State of Missouri wants its money back
Thu, 13 Jan 2011 21:25:28 GMT —
UPDATED: January 27 at 5:37 p.m.
A crumbling courthouse has the attention of the Missouri Attorney General.
The State gave Clark County $57,500 in grant money through the Historic Preservation Revolving Fund to make repairs to its deteriorating courthouse.
Now, the state is suing Clark County to get the money back.
A press release from Missouri Attorney General Chris Koster says the county commission is demolishing the historic structure, which violates the terms of the grant agreement.
But the money was supposed to be used to stabilize the old building.
The money *was* used to put a band around the old courthouse, jacks under the building, and for roof repairs.
But now a new courthouse will be built instead.
"The old courthouse has been looked at many times over whether it could even be saved. It was determined through many town meetings and all to move ahead with the new courthouse," said Presiding Commissioner Ron Brewer.
Brewer says the main reason they've decided to go ahead with demolition is because of safety.
"The man tearing things down has discovered that it was way worse than what it was anticipated to be. He's kind of scared even to go in there, but sometimes, it's falling apart as they take pieces out of it. It's way worse than what we thought it was," said Brewer.
Not everyone agrees with the decision to tear down the historic building...
"It's $57,500 that we the people are going to have to do that. That's not right. It should have been someway in the county that the commissioners should have paid it because they're the ones that didn't fulfil their obligation," said Kahoka resident Joanne Ragan.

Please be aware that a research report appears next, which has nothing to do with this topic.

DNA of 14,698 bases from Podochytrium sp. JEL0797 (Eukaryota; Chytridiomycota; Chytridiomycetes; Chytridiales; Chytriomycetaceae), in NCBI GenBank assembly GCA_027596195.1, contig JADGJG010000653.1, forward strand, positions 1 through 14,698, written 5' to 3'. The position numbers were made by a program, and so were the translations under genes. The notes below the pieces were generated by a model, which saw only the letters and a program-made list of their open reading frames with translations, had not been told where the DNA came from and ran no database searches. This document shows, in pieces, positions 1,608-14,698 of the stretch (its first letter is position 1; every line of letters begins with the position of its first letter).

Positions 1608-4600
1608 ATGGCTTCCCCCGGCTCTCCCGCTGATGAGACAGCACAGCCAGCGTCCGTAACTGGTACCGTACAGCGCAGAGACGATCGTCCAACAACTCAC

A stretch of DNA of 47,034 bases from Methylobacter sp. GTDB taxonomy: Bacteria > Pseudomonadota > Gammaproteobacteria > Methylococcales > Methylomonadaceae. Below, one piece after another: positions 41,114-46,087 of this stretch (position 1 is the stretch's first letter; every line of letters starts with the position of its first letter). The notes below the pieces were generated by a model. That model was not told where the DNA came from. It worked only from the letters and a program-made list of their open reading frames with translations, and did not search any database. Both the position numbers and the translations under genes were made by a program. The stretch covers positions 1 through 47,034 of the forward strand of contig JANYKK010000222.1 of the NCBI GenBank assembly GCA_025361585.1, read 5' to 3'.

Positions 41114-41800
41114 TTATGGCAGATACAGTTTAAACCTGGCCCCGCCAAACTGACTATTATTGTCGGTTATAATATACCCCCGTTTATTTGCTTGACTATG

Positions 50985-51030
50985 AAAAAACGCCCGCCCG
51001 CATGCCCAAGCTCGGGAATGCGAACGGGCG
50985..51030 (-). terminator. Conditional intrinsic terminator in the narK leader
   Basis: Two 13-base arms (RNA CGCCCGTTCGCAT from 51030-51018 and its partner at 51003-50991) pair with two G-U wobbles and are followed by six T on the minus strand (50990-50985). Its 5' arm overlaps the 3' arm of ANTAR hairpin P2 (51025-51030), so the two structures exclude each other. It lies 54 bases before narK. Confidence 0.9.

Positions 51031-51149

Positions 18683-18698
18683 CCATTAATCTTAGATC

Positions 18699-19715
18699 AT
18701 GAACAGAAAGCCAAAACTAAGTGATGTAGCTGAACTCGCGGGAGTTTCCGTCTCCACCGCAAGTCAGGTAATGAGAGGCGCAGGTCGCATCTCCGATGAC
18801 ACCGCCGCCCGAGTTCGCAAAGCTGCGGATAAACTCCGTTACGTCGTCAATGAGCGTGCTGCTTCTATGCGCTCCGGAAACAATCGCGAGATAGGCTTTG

Demolition has already started, so it's already too late to save the building.
"If it's going to be, then it's going to be and if we're getting a new courthouse, then I will go along with it," said Ragan.
There are some benefits to the new building.
"Our new courthouse will be the first time we'll have all our county offices in one building. It will be safe. The court system will be able to operate knowing that they will be safe in there," said Brewer.
"I will fully support the new courthouse when it comes, and go there and be proud of it. We just needed more questions answered in the right way," said Ragan.
Brewer also says the commissioner's attorney will work with the Attorney General's office to come up with a solution quickly.
Clark County may have to rethink the decision to demolish its court house.
Missouri Attorney General Chris Koster says the Clark County Commission violated the terms of a grant they were awarded for restoring the courthouse.
Koster says the money was to help make repairs to the building.
Now he is suing to get the $57,000 dollars back. He's also seeking interest on the grant money.
Read more from the KirksvilleDailyExpress.com here.